Burn-induced distant organ injury in rats and the effect of minocycline
TARHAN, Gazi Giray
KERVANCIOĞLU DEMİRCİ, Elif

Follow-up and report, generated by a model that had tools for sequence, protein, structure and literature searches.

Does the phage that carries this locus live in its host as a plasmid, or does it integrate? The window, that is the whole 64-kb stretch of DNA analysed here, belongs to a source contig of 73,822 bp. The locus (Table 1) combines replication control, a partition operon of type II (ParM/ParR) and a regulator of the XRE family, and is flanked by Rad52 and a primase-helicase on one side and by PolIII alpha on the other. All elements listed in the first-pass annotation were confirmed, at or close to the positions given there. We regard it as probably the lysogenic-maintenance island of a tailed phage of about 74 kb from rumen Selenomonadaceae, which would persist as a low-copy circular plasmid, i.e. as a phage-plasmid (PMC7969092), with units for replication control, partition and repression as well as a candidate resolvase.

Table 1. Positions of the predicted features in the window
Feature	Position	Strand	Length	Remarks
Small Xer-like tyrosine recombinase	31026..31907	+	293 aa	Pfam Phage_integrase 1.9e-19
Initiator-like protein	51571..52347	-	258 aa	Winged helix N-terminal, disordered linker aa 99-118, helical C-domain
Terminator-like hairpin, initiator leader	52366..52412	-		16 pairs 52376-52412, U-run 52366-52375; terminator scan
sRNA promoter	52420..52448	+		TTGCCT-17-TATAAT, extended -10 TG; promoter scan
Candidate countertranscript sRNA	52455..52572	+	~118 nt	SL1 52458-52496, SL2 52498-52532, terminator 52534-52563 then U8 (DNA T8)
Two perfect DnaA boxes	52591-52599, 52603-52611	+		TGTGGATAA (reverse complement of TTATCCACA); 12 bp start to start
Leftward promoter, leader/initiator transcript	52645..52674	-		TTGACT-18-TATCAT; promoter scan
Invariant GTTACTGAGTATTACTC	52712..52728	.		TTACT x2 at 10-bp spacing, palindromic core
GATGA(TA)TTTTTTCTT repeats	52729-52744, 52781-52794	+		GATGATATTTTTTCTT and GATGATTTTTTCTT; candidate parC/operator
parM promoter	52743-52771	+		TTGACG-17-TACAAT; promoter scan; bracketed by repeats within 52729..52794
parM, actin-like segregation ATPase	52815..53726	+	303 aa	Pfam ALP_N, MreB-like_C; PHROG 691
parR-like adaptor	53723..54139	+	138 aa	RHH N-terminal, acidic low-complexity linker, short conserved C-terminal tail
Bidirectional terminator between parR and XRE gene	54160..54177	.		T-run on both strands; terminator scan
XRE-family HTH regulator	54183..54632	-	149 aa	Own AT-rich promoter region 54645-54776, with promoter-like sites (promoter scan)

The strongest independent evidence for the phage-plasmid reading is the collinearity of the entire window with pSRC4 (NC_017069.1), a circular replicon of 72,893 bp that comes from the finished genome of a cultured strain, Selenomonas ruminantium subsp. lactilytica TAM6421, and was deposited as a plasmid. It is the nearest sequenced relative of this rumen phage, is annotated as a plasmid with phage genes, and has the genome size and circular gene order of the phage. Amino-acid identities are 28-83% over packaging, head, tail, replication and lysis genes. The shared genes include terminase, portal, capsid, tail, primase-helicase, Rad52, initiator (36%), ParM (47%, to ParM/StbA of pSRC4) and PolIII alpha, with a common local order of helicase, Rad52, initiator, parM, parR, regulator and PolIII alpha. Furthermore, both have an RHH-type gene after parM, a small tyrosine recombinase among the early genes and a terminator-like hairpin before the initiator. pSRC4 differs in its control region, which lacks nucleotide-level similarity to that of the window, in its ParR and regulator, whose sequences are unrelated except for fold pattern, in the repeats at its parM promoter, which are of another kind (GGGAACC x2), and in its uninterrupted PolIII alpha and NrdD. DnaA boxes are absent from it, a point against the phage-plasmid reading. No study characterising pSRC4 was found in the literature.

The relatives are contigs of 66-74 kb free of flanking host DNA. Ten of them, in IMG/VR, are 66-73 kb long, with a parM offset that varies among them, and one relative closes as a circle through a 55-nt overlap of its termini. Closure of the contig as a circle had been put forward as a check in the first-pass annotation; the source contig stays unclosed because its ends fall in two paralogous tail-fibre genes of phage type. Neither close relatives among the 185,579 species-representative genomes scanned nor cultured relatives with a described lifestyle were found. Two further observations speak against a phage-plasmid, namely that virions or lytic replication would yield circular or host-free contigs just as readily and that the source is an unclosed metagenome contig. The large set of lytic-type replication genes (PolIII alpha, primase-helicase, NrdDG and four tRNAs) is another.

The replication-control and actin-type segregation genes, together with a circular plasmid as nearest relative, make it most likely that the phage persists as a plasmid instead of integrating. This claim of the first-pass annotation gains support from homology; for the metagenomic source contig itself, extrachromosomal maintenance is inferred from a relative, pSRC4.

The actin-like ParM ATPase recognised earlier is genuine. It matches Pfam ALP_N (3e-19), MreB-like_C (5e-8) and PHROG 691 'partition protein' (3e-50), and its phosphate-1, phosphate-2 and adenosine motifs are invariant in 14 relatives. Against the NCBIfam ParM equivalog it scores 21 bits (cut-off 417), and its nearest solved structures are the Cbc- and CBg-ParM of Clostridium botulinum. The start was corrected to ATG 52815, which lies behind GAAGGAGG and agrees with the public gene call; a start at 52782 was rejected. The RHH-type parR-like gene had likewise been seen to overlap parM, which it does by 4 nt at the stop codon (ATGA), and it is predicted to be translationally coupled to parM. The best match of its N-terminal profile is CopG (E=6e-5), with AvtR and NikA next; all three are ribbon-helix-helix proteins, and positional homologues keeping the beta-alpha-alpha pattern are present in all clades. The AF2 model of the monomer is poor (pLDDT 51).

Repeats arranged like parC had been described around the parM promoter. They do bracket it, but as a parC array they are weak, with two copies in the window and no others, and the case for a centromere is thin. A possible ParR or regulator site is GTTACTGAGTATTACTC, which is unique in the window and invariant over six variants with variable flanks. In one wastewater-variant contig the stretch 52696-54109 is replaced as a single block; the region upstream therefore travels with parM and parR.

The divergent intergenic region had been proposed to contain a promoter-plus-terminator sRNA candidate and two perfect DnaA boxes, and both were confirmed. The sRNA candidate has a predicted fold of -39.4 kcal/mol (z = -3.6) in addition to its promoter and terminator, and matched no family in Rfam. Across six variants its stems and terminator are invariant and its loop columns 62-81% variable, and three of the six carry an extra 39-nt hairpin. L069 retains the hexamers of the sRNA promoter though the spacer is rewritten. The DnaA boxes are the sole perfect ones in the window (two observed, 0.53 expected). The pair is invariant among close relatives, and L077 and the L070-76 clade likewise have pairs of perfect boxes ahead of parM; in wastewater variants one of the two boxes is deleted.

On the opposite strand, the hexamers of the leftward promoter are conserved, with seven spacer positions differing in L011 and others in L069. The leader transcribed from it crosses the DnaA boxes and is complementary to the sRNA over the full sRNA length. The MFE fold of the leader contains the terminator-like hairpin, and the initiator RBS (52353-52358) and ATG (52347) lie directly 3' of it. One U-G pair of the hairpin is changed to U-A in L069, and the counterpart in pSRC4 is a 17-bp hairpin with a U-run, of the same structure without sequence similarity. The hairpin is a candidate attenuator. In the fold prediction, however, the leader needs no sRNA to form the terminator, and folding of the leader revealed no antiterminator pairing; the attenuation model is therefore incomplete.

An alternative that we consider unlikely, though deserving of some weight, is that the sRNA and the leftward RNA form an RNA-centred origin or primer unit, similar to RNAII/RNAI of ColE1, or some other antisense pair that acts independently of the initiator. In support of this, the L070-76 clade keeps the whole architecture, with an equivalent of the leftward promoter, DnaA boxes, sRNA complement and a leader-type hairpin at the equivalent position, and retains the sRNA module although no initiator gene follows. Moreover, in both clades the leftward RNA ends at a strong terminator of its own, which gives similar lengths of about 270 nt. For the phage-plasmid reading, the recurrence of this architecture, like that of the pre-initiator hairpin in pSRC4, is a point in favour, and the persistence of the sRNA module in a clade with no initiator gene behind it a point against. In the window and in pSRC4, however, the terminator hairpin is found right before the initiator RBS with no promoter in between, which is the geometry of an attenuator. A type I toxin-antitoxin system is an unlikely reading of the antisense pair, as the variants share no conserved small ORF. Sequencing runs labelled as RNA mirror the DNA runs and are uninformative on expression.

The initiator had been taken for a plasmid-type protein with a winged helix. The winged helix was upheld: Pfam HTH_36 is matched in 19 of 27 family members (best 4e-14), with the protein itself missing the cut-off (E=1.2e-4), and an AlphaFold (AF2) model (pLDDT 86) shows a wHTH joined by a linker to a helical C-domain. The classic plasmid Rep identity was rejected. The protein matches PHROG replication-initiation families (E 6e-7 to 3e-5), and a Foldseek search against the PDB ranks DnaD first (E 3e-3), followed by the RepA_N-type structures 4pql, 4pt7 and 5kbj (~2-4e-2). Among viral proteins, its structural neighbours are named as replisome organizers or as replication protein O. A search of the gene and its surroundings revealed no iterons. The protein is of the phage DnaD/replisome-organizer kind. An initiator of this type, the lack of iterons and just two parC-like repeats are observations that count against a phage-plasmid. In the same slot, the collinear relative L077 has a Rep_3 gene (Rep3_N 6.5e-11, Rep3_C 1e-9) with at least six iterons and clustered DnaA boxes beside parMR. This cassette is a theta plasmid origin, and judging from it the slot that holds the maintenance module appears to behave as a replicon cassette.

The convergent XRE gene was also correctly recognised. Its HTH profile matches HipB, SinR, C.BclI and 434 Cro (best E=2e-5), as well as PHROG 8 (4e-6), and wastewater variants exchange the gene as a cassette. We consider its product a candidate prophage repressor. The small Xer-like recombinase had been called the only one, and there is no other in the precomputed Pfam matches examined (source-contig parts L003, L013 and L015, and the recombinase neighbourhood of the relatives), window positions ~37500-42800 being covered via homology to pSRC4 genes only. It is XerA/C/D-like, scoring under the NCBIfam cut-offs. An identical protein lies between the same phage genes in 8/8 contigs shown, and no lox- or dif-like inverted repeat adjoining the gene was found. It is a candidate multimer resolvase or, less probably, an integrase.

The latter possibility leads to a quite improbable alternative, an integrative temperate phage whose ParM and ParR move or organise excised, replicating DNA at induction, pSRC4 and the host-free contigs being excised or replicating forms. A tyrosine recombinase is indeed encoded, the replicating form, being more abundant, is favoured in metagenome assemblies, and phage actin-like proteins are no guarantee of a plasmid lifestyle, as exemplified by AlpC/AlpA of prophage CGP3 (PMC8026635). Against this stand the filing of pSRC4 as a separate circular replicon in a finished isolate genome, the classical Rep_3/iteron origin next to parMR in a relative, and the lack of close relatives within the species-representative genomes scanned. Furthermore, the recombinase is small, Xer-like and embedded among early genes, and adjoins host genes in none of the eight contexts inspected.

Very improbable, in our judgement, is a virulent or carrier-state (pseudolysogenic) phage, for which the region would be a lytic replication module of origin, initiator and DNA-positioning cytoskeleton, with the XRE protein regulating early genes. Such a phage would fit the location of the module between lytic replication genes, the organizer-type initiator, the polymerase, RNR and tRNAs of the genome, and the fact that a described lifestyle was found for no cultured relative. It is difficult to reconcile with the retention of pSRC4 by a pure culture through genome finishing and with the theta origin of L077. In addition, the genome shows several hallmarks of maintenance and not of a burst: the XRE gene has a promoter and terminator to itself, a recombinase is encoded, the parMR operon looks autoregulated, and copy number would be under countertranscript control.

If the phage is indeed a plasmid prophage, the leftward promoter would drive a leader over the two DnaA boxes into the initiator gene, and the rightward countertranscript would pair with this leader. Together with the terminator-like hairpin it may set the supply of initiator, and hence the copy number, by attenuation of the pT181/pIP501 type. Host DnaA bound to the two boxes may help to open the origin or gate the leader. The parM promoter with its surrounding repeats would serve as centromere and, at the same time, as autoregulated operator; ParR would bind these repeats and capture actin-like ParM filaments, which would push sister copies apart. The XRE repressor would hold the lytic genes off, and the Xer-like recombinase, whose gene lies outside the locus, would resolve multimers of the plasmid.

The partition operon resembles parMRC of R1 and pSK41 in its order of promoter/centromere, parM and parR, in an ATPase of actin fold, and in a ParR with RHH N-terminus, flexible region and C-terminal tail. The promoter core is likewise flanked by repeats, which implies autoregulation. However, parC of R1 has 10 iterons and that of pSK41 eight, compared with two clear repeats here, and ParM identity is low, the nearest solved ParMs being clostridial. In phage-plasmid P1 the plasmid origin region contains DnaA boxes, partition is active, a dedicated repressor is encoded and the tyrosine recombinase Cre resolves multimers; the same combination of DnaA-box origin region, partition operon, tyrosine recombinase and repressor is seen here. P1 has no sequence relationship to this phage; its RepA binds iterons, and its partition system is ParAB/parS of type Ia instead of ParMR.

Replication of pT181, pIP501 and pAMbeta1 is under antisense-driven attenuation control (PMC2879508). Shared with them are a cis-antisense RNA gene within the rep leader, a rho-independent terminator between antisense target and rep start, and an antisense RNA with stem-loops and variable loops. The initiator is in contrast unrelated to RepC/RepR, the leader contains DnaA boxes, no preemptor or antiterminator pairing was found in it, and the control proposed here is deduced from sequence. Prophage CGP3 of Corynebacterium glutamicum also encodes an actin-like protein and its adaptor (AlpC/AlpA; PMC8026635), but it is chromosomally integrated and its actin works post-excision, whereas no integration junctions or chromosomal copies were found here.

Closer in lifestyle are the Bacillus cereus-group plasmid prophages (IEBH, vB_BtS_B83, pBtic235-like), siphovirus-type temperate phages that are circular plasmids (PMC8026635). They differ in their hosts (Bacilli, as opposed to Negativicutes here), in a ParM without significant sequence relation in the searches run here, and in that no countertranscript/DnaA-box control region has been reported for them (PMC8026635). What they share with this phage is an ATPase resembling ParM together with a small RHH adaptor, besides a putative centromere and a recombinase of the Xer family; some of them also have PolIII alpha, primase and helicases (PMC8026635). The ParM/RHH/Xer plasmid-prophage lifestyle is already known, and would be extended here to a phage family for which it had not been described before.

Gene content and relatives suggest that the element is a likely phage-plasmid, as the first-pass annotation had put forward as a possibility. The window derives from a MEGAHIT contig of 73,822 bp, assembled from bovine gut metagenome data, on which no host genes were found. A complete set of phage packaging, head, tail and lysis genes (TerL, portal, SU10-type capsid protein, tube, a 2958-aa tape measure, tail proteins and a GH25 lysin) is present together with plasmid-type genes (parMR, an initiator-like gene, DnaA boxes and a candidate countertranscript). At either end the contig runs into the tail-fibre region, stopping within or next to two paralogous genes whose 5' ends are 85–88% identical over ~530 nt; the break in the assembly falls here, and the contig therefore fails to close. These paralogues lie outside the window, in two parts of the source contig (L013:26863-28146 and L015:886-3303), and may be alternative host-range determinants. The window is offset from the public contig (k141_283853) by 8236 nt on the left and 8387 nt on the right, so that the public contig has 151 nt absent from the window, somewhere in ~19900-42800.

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Objectives: This study aimed to examine the anti-inflammatory potential of orally-administered minocycline, a semi-synthetic second-generation tetracycline, on burn-induced liver and kidney damage in rats. Materials and Methods: Female Sprague-Dawley rats (250- 300 g; n=7-8/group) were used. Burn and sham groups were exposed to 90 0C and 25 0C water bath for 10 s, respectively. Minocycline (20 mg/kg; twice daily; orogastrically) was administered for 24 h post-burn. After decapitation, trunk blood was collected for biochemical assays. Liver and kidneys were excised for histopathological evaluation and malondialdehyde (MDA), glutathione and chemiluminescence (CL) assays. Results: Minocycline treatment did not exert a significant effect on serum alanine aminotransferase, aspartate aminotransferase, blood urea nitrogen, and creatinine levels of the burn group. Increased serum total oxidant status of the burn group was reversed (P<0.001) and liver microscopic lesion score showed a slight reduction (P<0.01) by minocycline. Minocycline did not cause a significant effect on increased tissue MDA and glutathione levels of the burn group but reversed the elevated luminol CL levels (P<0.001, for liver and P<0.01, for kidney, respectively). Conclusion: Minocycline treatment to rats for 24 h post-burn was found to be effective to reduce oxidant production in the liver and kidney; however, it showed slight protection on these tissues against oxidant damage.